The Blackberry Playbook has been released for quite some time now but we have just recently gotten around to developing for Blackberry and we figured the next logical step was the Playbook. This device has also been the buzz of the Android Development community as Blackberry is enticing Android developers to port their applications over to Blackberry. This has been made possible by the forthcoming 2.0 update that allows the Playbook to run Android application in the Blackberry Playbook environment. We are excited to test out the playbook, put it through its paces and have you hope below to find out our results?
We are going to start at what has become the standard here at Binary Wasteland; the screen. This 7” LCD display that is capable of 1024×600 resolution. The screen is capacitive and multi-touch enabled as well as a WSVGA screen. Moving onto the left and right sides of the screen we have the speakers positioned on the edges of the screen projecting the sound at you, unlike the Samsung Galaxy Tab 10.1 were the speakers were on the sides of the device. On the top of the Playbook there is the power button, volume rockers and a play/pause button. The bottom is home to the charging port, the dock charger and mini-HDMI input to project images onto your display. Looking past the superficial to the hardware being sported inside the PlayBook is quite powerful in sense of performance, not most current hardware. The PlayBook sports a 1GHz dual-core processor with 1 GB of RAM, the standard accelerometer, gyroscope, magnetometer and GPS are all bundled into the 5.1”x7.6”x0.4” PlayBook as well. This all bundles together to make way for the operating system the PlayBook has running on it.
Out of the box we set up our PlayBook, walked through the tutorials and were prompted for an update. This update is NOT the 2.0 upgrade, but instead an upgrade to the current 1.0 OS. The OS is very clean, snappy and innovative. We like to use innovative for the PlayBook because of the way the bezel which surrounds the LCD screen is also touch sensitive. We will tell you that this does not deter from the PlayBook experience but in fact enhances it. For example, to exit an application swipe up from the bezel onto the LCD screen to either multitask or close the application. This is quite a different approach than using a soft home button for Android or the hard button for home on the iPad. We did notice that the PlayBook did suffer a lack of applications in the App World as we tried to bring our PlayBook up to speed with our other devices. This of course is looking to be remedied by the release of PlayBook 2.0 which has an added layer to enable Android applications to be run on the PlayBook with minimal modification and submission to the App World.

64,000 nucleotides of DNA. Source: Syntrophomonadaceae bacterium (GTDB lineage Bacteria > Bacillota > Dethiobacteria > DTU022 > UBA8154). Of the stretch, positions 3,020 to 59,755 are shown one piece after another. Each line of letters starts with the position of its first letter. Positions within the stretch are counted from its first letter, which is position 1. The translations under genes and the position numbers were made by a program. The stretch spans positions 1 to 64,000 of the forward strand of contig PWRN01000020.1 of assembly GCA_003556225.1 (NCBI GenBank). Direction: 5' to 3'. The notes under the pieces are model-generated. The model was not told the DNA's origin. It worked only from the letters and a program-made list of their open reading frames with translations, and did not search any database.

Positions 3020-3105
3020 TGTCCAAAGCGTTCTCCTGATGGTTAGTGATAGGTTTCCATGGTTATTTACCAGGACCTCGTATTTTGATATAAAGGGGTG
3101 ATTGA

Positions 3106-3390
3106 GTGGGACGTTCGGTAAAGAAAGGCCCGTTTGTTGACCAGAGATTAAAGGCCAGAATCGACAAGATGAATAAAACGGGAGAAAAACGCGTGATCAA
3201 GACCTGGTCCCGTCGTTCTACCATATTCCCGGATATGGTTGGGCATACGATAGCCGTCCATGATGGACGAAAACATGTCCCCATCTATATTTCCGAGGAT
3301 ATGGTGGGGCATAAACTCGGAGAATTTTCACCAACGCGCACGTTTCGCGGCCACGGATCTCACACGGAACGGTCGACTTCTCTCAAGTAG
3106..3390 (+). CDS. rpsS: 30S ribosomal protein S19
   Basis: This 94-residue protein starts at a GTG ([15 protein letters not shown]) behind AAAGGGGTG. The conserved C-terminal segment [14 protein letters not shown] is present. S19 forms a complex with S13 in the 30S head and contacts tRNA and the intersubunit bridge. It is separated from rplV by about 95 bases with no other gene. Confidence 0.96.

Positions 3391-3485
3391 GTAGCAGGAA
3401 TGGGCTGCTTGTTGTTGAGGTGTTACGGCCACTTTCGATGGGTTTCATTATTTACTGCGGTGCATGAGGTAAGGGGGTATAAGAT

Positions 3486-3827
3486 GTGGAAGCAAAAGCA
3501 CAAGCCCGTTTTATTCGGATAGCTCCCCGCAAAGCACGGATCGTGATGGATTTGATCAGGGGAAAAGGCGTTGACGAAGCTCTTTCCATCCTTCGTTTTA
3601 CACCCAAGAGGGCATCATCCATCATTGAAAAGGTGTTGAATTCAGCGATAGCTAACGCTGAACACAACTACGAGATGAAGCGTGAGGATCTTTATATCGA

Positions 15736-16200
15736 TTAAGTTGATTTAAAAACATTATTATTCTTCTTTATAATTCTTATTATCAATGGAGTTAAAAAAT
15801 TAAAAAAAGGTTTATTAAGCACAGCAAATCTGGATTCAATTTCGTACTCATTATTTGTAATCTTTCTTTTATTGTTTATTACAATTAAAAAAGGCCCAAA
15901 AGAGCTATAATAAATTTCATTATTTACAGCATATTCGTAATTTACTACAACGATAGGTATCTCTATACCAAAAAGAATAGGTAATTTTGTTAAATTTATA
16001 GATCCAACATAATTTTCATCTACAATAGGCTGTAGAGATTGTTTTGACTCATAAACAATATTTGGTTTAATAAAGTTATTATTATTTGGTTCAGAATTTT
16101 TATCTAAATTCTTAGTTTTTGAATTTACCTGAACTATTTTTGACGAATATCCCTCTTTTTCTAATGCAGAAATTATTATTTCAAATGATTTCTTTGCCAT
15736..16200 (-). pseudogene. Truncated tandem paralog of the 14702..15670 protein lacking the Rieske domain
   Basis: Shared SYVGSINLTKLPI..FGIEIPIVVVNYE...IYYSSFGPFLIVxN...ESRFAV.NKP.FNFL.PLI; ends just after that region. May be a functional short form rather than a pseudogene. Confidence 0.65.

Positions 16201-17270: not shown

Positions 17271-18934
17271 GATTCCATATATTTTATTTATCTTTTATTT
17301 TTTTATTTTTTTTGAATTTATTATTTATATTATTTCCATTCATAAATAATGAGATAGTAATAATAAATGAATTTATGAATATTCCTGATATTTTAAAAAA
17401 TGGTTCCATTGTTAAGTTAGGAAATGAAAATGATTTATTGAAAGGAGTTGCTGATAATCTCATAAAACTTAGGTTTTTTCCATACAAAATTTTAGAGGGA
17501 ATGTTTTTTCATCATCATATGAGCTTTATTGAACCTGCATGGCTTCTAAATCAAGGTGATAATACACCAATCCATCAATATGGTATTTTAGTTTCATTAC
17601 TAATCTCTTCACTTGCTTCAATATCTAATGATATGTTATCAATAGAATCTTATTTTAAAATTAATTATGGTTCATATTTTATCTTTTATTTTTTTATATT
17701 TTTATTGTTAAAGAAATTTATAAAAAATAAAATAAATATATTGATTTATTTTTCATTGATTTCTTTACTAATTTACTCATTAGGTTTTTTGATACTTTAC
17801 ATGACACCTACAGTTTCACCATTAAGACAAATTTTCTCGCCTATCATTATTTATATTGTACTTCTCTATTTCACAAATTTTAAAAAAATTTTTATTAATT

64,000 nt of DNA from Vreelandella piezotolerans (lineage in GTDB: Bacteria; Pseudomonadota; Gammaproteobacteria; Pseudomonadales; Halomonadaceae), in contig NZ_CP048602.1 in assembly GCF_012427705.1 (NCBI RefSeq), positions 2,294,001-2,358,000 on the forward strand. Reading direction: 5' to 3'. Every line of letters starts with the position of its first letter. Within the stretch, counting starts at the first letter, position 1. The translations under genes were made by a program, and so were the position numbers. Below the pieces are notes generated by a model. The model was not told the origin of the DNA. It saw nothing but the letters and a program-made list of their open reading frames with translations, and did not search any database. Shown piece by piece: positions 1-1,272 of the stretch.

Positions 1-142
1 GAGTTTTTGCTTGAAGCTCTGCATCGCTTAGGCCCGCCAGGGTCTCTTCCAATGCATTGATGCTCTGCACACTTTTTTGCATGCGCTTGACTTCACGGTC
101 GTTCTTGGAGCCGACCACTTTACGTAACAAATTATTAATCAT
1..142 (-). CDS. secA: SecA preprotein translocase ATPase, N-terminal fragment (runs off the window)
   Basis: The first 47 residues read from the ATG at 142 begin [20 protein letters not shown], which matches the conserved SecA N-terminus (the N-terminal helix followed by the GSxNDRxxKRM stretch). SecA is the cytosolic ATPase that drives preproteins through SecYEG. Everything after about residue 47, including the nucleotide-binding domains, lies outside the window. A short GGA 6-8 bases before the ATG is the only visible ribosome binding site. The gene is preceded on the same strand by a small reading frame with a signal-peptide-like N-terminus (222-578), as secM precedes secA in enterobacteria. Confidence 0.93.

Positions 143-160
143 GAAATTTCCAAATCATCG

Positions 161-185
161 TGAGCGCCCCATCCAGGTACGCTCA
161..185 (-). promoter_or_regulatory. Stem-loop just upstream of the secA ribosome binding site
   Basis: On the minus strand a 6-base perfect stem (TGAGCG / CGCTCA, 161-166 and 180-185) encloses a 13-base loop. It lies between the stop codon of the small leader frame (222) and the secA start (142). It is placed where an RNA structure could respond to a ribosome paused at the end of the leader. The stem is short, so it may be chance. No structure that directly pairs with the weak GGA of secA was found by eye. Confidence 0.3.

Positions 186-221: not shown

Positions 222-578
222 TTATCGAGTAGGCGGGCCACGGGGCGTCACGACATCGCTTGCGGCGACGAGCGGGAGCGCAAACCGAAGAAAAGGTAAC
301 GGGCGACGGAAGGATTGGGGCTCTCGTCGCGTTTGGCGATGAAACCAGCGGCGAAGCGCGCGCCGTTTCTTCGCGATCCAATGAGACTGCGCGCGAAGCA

The cameras on the playbook are positioned in the standard places. The front facing camera is a 3MP camera that is actually quite good in comparison to todays cameras that are anywhere from VGA to 1.3MP. The rear facing camera is 5MP and can be seen demonstrated below in the first picture. The front facing camera is the second image below and as you can see, it is still quite stunning. The front facing camera also is capable of making video calls through Blackberry Video Chat application, although people have requested that Tango port their application over to the PlayBook which may happen with the coming of 2.0 OS update.
Battery life amongst tablets is always in high contention due to the overwhelming contention with what should be run to test battery life. Binary Wasteland believes that everyday use is the standard and that is exactly what we did. Since the Blackberry Playbook needs to be bridged to a Blackberry device to receive BBM, email and other standard things we like to test we decided to try a different method. We downloaded an entire season of Big Bang Theory to see how far we could get before the battery died and were only just over 50% battery life. We figure that if the a Blackberry was bridged to the device, receiving BBM’s and emails would not deter from this solid devices battery life. This is also under the assumption that we are using our Blackberry Bold 9900 with all emails, Twitter, Facebook and BBM going. All in all the PlayBook can compete with the best of the tablets when it comes to battery life.
The PlayBook has worked its way through all of our tests that we enjoy putting gadgets though to see if they can take the developers lifestyle. The Playbook, with the help of the Defender Series OtterBox has made it through all of the physical tests and software stress tests. We enjoyed using the PlayBook as it felt like we were using the Blackberry OS software but it felt different and refreshing. It is a different take on an OS platform than Android, iOS and Windows has taken but that is what the development industry needs is more competition to inspire growth and change. With the update to the platform reaching 2.0 soon and enabling Android applications a spot in the App World marketplace is sure to stir the pot and we will be there when it happens. Check out the gallery below for pictures of our slick new PlayBook. Until the next review, Happy Hacking!